Now that the buzz about flipped learning is calming and the novelty is wearing off, the time has come to dig a little deeper into the natural outcomes of flipping. Specifically, flipping can change the type of work students complete and the way in which class time will be used; it can modify the nature of assessment, and it can alter the way in which teachers will report student work.

First and foremost, we should define some terms. On the most basic level, flipped learning occurs when instructors make use of video lectures outside the class in order to bring what...

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  • About the Author:

    Aaron Sams has been an educator since 2000. He operates the education consulting firm Sams Learning Designs, is an Adjunct Professor at Saint Vincent College, and serves as an advisor to TED-Ed. In 2009 he was awarded the Presidential Award for Excellence in Math and Science Teaching while teaching Chemistry in Woodland Park, CO, and serving as co-chair of the Colorado State Science Standards Revision Committee. Aaron has co-authored seven books on the flipped classroom concept. You can follow him on Twitter @ChemicalSams.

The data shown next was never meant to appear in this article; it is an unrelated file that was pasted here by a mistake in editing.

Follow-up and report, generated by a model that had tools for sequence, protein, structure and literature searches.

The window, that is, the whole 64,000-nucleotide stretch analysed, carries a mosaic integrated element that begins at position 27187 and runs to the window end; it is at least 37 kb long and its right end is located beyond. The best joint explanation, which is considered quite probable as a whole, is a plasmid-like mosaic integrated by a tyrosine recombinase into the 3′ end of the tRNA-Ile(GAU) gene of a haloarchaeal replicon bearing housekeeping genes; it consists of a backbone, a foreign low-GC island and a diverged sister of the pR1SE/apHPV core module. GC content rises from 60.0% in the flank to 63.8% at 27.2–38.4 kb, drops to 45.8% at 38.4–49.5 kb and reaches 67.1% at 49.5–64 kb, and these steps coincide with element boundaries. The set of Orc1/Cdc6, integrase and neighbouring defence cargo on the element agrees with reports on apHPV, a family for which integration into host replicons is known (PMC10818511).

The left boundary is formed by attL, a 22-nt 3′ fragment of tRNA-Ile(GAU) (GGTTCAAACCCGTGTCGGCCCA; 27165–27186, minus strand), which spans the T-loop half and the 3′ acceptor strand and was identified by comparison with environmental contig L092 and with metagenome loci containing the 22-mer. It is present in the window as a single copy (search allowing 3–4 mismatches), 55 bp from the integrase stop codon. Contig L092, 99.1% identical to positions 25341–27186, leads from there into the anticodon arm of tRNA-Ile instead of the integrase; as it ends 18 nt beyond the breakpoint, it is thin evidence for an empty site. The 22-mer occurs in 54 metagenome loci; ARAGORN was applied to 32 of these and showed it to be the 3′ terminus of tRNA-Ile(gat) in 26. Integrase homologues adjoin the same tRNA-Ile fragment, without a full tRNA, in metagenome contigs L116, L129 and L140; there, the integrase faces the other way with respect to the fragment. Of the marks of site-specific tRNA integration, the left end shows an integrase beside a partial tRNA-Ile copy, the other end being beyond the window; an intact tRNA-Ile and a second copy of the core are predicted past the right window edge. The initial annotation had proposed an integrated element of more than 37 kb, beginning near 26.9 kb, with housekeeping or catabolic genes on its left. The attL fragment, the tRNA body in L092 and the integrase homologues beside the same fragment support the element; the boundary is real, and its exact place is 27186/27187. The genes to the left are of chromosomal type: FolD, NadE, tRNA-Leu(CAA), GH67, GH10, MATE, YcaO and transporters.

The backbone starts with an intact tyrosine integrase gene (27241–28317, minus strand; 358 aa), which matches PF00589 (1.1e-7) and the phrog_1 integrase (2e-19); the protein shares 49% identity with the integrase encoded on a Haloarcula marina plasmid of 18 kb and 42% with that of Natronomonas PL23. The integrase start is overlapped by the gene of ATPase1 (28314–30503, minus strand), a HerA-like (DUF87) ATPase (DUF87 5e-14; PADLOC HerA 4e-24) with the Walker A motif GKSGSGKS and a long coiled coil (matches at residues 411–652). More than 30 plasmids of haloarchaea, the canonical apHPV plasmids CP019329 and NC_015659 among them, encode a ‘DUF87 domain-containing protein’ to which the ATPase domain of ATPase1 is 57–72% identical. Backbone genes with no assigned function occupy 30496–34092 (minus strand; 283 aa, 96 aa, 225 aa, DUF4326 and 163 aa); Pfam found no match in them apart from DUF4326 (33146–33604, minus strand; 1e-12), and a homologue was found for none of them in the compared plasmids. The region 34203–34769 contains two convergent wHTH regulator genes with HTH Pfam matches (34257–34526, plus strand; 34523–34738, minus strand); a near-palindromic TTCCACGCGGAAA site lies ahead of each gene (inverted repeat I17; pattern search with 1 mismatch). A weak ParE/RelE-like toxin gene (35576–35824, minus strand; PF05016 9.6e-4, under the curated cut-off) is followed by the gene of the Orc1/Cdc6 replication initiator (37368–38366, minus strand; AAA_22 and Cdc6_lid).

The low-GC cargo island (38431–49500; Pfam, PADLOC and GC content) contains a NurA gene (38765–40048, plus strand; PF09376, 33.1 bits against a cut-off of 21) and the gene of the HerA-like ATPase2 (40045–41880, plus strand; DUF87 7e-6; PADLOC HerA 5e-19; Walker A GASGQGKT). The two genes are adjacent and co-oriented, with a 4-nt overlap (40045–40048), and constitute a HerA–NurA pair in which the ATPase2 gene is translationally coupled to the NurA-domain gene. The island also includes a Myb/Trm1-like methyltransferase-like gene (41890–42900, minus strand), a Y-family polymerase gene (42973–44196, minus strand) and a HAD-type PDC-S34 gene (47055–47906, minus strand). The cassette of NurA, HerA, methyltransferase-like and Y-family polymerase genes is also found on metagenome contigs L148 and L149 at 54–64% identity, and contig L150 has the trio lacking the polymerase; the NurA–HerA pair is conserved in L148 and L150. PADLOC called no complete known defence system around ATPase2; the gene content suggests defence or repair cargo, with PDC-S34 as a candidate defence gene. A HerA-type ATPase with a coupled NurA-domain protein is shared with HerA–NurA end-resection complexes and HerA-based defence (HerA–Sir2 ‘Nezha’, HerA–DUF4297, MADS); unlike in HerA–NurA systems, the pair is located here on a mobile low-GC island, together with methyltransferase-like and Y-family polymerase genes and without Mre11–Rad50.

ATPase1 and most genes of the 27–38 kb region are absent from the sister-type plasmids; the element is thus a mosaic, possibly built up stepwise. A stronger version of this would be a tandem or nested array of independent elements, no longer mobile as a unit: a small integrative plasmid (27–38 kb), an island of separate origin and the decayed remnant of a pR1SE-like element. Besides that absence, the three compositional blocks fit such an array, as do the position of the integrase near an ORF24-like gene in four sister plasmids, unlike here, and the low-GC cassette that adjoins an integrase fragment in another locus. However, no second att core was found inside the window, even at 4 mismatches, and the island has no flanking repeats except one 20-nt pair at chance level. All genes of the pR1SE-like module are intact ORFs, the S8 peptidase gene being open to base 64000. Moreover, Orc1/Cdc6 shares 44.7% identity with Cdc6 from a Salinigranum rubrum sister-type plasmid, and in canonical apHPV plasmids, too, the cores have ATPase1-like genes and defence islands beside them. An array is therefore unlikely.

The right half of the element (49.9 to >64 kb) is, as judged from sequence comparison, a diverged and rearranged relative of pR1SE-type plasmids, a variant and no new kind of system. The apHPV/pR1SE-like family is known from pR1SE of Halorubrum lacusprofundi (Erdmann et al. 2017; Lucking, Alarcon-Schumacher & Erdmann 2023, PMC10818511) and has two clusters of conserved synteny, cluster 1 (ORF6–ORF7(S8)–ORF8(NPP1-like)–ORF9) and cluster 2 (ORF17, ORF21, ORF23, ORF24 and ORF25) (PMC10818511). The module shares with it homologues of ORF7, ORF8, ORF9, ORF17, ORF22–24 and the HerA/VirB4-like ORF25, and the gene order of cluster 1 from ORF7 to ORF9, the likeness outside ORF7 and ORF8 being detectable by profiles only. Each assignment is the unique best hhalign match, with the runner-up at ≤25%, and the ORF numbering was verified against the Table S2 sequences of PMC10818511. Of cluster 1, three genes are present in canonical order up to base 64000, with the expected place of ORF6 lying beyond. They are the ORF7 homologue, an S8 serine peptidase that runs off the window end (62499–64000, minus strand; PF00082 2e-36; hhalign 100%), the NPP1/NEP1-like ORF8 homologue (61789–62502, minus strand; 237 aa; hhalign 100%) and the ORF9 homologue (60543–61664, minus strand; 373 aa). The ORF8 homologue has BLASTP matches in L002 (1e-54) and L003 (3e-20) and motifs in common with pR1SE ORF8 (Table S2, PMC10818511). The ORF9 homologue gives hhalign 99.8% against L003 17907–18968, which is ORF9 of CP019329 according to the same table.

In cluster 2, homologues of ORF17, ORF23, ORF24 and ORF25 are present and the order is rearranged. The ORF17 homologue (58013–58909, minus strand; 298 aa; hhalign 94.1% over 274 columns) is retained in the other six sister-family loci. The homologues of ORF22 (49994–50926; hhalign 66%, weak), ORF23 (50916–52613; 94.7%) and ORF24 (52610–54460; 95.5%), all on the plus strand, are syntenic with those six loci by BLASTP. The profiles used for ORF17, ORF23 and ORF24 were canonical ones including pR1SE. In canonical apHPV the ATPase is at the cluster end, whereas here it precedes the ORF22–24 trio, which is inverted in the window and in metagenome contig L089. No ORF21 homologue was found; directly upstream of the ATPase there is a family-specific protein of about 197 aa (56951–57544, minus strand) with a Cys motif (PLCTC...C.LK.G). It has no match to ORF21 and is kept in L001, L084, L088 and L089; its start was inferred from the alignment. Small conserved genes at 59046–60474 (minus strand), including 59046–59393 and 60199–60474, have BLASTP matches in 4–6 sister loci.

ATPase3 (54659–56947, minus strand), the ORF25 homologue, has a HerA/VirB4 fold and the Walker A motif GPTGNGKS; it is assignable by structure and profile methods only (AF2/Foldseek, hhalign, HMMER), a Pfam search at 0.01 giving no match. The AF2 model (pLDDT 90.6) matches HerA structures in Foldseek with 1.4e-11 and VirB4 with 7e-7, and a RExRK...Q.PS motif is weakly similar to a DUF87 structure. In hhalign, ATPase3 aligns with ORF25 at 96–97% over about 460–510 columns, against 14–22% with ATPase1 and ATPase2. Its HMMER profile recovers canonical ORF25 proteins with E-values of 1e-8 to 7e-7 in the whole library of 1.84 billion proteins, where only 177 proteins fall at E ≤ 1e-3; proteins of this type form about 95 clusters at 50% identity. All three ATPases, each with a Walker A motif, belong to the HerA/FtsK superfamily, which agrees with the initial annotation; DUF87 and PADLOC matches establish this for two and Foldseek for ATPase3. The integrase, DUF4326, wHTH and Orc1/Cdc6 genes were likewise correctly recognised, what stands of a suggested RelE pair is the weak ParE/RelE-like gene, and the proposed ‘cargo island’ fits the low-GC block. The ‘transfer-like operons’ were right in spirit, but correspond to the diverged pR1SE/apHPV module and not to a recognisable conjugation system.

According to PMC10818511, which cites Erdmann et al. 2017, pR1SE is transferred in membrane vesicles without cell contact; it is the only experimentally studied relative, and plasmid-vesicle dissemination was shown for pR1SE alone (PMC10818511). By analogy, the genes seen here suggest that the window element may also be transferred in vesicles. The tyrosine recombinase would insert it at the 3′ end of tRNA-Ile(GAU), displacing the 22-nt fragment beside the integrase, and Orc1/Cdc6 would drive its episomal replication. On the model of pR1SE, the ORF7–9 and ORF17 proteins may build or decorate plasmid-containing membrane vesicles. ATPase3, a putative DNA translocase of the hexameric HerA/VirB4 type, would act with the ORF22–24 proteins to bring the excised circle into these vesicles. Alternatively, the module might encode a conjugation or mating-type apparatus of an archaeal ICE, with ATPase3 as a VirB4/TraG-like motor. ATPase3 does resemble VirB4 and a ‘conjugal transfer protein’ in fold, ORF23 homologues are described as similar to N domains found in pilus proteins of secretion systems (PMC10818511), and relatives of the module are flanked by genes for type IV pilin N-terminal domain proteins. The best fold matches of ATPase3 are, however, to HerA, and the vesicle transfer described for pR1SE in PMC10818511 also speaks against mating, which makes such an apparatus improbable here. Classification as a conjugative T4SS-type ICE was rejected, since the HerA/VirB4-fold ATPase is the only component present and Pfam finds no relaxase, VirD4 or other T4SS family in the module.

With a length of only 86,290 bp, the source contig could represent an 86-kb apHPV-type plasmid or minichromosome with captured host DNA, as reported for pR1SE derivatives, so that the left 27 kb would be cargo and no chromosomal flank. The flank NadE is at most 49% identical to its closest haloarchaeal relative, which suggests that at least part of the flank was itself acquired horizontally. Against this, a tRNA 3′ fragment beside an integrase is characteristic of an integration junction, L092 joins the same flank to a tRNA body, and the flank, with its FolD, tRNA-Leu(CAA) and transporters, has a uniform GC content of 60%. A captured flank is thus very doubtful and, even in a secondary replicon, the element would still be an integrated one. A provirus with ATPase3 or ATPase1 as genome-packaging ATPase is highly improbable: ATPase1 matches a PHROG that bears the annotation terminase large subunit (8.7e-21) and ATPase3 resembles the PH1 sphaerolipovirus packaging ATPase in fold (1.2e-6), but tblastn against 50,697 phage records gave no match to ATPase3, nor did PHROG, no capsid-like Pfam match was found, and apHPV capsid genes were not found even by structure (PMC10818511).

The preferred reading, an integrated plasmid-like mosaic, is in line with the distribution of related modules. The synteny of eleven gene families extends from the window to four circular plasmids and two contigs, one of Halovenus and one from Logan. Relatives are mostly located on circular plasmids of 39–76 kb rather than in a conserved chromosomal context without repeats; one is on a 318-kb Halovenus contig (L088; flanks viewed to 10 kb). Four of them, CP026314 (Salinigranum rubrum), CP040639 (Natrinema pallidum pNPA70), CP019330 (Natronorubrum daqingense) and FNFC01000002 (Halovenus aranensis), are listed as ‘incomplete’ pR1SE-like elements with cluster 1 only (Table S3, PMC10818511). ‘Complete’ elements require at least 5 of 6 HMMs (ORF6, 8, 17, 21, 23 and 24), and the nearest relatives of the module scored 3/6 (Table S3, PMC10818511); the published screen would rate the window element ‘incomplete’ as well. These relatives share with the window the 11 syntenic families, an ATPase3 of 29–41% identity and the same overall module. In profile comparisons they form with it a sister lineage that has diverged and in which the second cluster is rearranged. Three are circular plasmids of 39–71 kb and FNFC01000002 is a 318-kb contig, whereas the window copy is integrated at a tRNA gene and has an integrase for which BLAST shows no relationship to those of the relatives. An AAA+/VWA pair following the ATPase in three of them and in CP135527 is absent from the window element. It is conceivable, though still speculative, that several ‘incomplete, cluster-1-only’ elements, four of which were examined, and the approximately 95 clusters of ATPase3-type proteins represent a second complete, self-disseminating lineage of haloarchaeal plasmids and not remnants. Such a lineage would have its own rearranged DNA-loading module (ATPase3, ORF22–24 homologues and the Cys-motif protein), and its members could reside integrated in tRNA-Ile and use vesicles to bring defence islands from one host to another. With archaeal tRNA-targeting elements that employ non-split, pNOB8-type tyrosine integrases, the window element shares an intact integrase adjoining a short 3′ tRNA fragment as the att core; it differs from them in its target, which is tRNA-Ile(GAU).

Justin Aglio is the Director of Innovation at Montour School District in Pennsylvania. Recently, he was mentioned as a 2016 “Edtech and Elearning Top 100 Influencer” by Onalytica. He was honored by the Pennsylvania Association for Educational Communications and Technology as the 2014 Outstanding Leader of the Year. In 2013, ISTE named him as an Emerging Leader. He was one of three featured principals in the book Best Practices of Literacy Leaders: Keys to School Improvement. Justin is a board member of The Flipped Learning Network, an advisor for the Carnegie Science Center, a member of the Remake Learning Network, and co-organizer of EdCampPGH. You can follow him on Twitter @JustinAglio.